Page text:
Holy generation gap!
Did you ever notice that kids — teens in particular — roll their eyes at us a lot (Andy Rooney? Is that you)? They’re young, cool, invincible, and we’re old, square (the use of which proves I’m old, certainly) and generally kind of clueless. We think we’re making rules to keep them safe and to ensure things run smoothly; they think we make rules — many of them stupid and/or arbitrary — to ensure that they never have fun.
But, after listening to a replay of a 2011 This American Life, I realize that the kids are probably closer to right than we are. In one particular story, the TAL crew talked with middle-school kids about going to a middle-school dance. Now, I’ve witnessed the trials and tribulations of the middle-school dance, and TAL really nailed it. With the exception of a few kids, middle-school dances are not all that fun, at best, or completely traumatic…fraught with self-doubt, uncertainty and awkwardness all the way around. Face it, it’s a bad age, especially for social experimentation. It’s akin to asking a clown to juggle while riding a bike before she’s even mastered the bike. In a dance setting, it’s social experimentation, self-doubt and gawkiness writ large.
Add to the mix a bunch of rules created by adults who really have no idea. I mean, there’s a reason for rules about where students can go in school during an evening event and what they can and cannot do — some of which we might not have even imagined when we were middle-school aged. So, okay, that’s our job; and it’s the kids job to squawk about how dumb the rules are and how we really should trust them more (um…yeah, sure). But, throw in one, imho (see, I’m not old or completely uncool), bone-headed rule, and maybe the kids have a point.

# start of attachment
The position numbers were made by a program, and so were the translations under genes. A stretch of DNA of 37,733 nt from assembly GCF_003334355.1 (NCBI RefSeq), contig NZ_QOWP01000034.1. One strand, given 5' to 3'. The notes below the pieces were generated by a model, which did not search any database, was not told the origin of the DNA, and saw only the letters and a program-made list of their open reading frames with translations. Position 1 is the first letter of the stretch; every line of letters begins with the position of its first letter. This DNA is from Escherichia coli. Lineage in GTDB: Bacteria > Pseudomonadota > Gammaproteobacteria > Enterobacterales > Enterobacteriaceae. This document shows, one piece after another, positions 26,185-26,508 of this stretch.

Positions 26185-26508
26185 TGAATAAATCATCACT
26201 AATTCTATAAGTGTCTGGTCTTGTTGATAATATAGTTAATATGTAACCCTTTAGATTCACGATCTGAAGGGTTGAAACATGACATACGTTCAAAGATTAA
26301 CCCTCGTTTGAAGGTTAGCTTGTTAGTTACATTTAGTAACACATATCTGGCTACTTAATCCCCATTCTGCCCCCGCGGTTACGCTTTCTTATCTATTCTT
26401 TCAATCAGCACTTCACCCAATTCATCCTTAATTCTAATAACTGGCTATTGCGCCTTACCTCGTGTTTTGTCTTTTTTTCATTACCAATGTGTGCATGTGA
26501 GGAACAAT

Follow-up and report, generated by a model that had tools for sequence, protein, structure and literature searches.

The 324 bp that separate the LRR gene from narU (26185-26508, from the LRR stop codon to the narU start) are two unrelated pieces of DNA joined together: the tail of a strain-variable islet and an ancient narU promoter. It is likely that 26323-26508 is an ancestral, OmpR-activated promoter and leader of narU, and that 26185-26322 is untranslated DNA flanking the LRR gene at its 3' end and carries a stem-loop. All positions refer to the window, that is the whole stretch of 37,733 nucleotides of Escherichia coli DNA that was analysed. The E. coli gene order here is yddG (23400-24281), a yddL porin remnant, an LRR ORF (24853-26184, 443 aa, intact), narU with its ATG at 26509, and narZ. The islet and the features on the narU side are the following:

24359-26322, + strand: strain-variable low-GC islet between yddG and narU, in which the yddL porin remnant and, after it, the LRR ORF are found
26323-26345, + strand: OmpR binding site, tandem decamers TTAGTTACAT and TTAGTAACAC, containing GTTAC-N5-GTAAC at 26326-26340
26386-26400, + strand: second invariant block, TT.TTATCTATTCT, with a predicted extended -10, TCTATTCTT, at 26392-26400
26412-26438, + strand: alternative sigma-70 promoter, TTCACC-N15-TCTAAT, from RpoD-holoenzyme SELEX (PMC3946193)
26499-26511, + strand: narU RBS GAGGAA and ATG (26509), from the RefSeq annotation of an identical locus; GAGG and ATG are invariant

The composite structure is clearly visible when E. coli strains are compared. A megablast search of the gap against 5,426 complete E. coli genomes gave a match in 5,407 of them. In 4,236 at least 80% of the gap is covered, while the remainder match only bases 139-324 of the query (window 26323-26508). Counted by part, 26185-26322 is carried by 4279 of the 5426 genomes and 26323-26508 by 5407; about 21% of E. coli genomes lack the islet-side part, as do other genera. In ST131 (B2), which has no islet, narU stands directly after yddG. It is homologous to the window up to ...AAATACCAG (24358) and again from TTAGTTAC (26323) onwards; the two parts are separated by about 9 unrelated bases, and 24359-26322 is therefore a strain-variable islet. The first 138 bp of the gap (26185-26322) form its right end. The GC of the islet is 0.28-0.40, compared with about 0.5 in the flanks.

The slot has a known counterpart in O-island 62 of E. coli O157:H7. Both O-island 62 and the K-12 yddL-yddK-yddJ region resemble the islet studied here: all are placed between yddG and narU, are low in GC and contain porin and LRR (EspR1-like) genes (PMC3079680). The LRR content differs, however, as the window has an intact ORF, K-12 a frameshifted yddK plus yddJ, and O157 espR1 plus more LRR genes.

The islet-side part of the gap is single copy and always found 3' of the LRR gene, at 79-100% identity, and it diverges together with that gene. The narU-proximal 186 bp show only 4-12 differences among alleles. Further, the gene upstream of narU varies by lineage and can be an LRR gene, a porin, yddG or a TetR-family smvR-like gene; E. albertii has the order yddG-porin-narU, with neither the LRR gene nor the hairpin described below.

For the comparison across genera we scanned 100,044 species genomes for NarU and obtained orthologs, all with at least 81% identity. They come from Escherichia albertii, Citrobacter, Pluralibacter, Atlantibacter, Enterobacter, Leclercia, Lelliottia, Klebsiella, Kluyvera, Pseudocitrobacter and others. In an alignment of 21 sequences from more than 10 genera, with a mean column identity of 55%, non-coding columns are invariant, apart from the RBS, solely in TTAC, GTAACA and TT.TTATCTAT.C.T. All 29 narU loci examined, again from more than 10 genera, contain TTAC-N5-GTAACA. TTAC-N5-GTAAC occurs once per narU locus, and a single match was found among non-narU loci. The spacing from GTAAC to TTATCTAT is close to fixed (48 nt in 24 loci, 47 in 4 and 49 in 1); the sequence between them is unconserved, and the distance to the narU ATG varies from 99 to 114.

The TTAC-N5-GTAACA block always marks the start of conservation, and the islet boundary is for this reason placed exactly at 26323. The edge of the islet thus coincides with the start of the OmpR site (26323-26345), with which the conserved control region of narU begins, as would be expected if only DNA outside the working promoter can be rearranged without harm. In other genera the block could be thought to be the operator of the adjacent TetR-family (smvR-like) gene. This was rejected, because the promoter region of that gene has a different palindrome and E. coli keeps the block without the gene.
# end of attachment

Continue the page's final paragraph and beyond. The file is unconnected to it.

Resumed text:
When we’re talking about a dance that most of the kids are dreading, but still probably wouldn’t miss for the world (I think it’s one of those rites of passage that’s hard-wired into us at that age). They don’t want to talk with each other; they certainly don’t want to dance with members of the opposite sex; and, their parents probably made them wear the least cool piece of clothing they owned. In short, they’re doomed. So, the list of rules that the kids think are dumb or convey a lack of trust does nothing to improve expectations.
One of the rules in the TAL piece, though, was rightfully a target. “No petting.” This one plain baffled the kids: “do people really just sit there and pet each other?”. C’mon, my parents and grandparents used the word “petting” in a dating/sexual context. That was in the 70s. The kids in the piece wondered a) what the heck “petting” is and b) what the heck is wrong with the adults who made the rules? I have to agree. I wondered the same thing. It’s a really dumb way to put it.
But, then again, it could be a stroke of genius. Reverse psychology at its best? Confuse the kids and create a common — and kinda dumb — enemy for them to roll their eyes at. Together.
Perhaps it is really brilliant after all.